Dissecting the determinants of malaria chronicity: why within-host models struggle to reproduce infection dynamics.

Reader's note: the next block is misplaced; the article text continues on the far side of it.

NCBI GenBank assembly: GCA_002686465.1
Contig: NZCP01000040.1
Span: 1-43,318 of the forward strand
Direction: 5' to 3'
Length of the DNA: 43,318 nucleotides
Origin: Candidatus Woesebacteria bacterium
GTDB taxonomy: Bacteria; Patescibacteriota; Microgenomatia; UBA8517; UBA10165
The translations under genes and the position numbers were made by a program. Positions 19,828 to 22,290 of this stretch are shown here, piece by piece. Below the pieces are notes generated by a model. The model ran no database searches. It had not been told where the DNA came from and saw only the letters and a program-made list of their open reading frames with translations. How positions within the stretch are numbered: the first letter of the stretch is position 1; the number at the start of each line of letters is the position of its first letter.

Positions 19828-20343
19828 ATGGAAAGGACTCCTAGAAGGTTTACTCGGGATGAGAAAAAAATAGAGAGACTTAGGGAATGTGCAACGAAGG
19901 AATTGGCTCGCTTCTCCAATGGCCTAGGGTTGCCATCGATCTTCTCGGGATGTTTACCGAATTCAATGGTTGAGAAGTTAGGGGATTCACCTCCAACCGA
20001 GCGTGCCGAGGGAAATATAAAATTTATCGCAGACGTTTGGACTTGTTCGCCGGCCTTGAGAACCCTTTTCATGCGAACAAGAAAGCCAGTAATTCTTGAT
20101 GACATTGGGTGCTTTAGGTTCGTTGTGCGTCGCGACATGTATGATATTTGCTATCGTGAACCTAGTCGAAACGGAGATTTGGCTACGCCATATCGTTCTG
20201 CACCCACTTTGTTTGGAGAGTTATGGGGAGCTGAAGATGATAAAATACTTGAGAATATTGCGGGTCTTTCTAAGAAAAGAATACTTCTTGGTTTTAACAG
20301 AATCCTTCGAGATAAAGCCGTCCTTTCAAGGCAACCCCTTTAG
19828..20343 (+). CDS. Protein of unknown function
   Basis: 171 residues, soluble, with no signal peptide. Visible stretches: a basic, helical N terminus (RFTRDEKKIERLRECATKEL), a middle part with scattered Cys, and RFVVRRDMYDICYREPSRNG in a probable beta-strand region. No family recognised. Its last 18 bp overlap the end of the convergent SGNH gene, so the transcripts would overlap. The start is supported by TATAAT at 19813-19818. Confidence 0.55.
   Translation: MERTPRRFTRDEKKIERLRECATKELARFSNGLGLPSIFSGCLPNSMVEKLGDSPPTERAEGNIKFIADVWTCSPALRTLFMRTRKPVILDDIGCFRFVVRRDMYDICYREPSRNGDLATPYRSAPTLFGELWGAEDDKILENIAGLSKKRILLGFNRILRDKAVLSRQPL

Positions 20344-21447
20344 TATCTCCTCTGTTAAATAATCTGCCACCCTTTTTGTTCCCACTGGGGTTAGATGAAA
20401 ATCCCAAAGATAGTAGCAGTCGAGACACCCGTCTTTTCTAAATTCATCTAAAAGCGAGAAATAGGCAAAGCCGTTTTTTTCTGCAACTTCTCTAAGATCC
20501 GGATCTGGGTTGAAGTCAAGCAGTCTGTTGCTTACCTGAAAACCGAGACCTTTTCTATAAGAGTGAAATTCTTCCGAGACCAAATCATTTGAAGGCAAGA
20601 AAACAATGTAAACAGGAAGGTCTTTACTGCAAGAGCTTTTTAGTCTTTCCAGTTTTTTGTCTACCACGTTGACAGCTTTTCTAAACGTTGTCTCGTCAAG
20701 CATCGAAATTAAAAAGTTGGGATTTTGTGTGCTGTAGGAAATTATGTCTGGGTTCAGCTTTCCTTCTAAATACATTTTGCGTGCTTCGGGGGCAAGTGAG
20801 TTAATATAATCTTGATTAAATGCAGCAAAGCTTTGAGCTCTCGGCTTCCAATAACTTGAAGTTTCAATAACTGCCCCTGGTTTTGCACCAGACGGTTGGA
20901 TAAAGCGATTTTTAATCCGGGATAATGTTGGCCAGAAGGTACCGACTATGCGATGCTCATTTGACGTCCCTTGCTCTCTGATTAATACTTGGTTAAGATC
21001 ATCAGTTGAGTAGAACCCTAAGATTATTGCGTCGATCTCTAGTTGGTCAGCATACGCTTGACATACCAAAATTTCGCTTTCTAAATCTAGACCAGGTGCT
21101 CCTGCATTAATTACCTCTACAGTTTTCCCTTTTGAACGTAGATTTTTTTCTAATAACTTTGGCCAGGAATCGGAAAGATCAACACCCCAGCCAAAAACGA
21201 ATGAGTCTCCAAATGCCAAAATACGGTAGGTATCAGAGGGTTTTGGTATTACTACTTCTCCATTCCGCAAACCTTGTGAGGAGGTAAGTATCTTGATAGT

The duration of infection is fundamental to the epidemiological behaviour of any infectious disease, but remains one of the most poorly understood aspects of malaria. In endemic areas, the malaria parasite Plasmodium falciparum can cause both acute, severe infections and asymptomatic, chronic infections through its interaction with the host immune system. Frequent superinfection and massive parasite genetic diversity make it extremely difficult to accurately measure the distribution of infection lengths, complicating the estimation of basic epidemiological parameters and the prediction of the impact of interventions. Mathematical models have qualitatively reproduced parasite dynamics early during infection, but reproducing long-lived chronic infections remains much more challenging. Here, we construct a model of infection dynamics to examine the consequences of common biological assumptions for the generation of chronicity and the impact of co-infection. We find that although a combination of host and parasite heterogeneities are capable of generating chronic infections, they do so only under restricted parameter choices. Furthermore, under biologically plausible assumptions, co-infection of parasite genotypes can alter the course of infection of both the resident and co-infecting strain in complex non-intuitive ways. We outline the most important puzzles for within-host models of malaria arising from our analysis, and their implications for malaria epidemiology and control.

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